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Ask the Carpenter: Tips for protecting doors from Mother Nature

Ask the Expert Home Improvement
Door-Frame-Weatherstripping
To protect your door frame from the weather, make sure all exposed wood has a coat of paint. Handout

Q. I love your column in the Globe and the information on your website (AConcordCarpenter.com). I’m looking for advice on how to protect the door from my driveway to the basement. My house is a 1924 three-decker in Cambridge. We recently had a contractor replace the door. At the same time, they enlarged the opening, which had been only 5 feet high. In order to maximize the width of the door, we opted to stay with the out-swing orientation. The door is fiberglass with an aluminum sill, and the frame is wood.

The new door has weatherstripping between the frame and the back face of the door. The frame is painted, so there is some protection from the weather. The strike is raw wood, however, and the gap between the edge of the door and the jamb seems very exposed. Our contractor said this is how out-swinging doors are done.

On your website, you mention weatherstripping an out-swing door, but I couldn’t tell from the pictures how you did it.

CAROLYN

A. I looked closely at your door, and it seems fine. It’s weather-stripped perfectly. To protect it, I would ensure that the door, edges, and jamb receive two coats of paint. Inspect once a year for paint failure. Also, make sure the top trim board has flashing.

Installing a gutter or roof over the door will ensure you do not have a waterfall cascading over the door, which will quickly destroy it. Plus, the sill is at ground level, so you will want to keep water from getting under the door’s edge.

Support-Post-Deck-Problem
The driveway appears to be pulling away from the support posts of this porch. —Handout

Q. We had our back porches replaced last year. They replaced the support posts, but the driveway seems to be shrinking away from them. What is the best way to fill the holes around the posts?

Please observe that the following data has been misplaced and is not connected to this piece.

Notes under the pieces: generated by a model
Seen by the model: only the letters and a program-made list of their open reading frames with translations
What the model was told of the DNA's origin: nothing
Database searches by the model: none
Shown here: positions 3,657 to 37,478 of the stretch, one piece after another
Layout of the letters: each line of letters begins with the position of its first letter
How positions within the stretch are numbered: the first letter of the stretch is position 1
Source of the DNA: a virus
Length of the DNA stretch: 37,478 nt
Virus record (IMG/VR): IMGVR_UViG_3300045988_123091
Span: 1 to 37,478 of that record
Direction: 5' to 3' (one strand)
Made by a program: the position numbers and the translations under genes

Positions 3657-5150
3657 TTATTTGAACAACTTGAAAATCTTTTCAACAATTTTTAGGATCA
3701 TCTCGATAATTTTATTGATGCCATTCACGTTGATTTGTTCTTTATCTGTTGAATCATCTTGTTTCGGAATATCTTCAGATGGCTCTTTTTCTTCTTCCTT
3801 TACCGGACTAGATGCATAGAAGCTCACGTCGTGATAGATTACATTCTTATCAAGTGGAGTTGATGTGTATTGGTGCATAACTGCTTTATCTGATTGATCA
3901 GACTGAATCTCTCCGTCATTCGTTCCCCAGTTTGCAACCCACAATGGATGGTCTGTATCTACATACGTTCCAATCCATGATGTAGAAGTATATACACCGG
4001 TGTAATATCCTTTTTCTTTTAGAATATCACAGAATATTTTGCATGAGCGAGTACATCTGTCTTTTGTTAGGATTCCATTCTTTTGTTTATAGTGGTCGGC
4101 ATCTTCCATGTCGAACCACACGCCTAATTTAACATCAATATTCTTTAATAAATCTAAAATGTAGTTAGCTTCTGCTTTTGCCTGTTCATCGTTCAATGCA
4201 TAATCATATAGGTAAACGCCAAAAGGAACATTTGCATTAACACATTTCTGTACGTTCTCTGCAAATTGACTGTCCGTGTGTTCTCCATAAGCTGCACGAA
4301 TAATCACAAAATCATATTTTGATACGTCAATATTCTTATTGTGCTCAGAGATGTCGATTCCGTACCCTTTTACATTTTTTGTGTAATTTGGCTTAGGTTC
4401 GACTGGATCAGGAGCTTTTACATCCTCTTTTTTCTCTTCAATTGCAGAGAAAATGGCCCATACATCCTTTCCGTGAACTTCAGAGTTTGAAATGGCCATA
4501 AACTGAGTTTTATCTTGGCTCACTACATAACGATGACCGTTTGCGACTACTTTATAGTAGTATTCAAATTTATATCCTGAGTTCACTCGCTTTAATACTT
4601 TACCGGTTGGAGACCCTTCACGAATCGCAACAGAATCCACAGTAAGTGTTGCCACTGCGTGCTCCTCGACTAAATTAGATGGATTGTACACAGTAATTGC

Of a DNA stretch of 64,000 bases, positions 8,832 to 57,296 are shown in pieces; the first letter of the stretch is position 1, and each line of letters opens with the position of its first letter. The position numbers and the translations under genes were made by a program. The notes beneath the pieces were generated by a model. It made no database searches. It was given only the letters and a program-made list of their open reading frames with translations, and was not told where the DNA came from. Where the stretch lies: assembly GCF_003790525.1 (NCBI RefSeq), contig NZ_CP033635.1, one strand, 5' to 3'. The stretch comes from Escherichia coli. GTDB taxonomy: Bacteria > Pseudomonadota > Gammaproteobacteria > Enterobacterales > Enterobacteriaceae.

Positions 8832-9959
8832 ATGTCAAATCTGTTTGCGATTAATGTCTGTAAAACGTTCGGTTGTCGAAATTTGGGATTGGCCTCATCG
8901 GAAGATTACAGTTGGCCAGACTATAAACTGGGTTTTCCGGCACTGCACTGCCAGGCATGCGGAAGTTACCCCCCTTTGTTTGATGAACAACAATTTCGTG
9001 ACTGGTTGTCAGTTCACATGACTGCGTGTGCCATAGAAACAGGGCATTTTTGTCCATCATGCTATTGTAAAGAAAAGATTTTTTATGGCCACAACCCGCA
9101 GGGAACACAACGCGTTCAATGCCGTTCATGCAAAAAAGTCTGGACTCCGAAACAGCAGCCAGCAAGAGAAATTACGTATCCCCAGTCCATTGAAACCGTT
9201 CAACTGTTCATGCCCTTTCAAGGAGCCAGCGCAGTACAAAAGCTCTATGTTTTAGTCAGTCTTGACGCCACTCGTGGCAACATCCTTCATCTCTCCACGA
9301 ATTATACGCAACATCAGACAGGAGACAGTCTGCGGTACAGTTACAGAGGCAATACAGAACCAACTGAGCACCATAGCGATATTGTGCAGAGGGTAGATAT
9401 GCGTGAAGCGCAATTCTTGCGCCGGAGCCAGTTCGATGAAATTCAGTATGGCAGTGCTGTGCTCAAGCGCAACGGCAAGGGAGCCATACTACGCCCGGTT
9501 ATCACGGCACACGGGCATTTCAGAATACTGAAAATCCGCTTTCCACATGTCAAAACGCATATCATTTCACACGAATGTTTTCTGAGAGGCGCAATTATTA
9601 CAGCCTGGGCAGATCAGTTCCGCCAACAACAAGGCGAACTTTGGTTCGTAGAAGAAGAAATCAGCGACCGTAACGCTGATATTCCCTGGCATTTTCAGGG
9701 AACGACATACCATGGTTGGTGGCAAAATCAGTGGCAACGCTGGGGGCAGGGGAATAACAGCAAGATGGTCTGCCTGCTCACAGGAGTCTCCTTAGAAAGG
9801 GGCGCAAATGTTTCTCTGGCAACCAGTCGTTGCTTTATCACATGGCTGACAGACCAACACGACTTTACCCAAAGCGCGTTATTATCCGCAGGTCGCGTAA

G. FREEMAN

A. I would fill the void with crushed stone, tamp it down, and then patch it with asphalt or polymeric sand.

 

Q. An installer laid porcelain tile over ceramic tile in my bathroom because he was concerned that the subfloor might come out when he removed the old tile. The old tile was not visibly cracked or damaged. He put hydraBOND over the old tile before laying the new tile on top. There is concrete underneath the subfloor, and I am on the second level.

Should I remove the old and new tile and reinstall new tile over a new subfloor? If I decide to do this, how difficult would it be to remove two layers of tile?

ROHAN NADARAJAH

A. It sure sounds as if your tile installer wanted to deal only with tile and was not concerned about proper installation.

I’m guessing that the “concrete floor’’ you’re referring to is an old-school mud job, which is a semi-dry mix of concrete that tile setters use to level and strengthen floors. It’s also used to slope showers to drains. Once the mix hardens, it can be tiled over. Usually, you need to remove the tile and then chisel the mud job out with a hammer drill and chisel attachment, which is labor intensive.

My recommendation is to remove everything, including the wood subfloor. Then evaluate the subfloor. If it’s in good shape, re-screw or re-nail it down. Once that’s complete, consider what type of underlayment you want to use, taking floor heights into consideration. (You’ll want to make sure your door can still open.) The underlayment can be a new mud job, tile backer board, or a tile decoupling membrane.

Rob Robillard is a general contractor, carpenter, editor of AConcordCarpenter.com, and principal of a carpentry and renovation business. Send your questions to homerepair@globe.com or tweet them to @robertrobillard. Subscribe to our free real estate newsletter at pages.email.bostonglobe.com/AddressSignUp.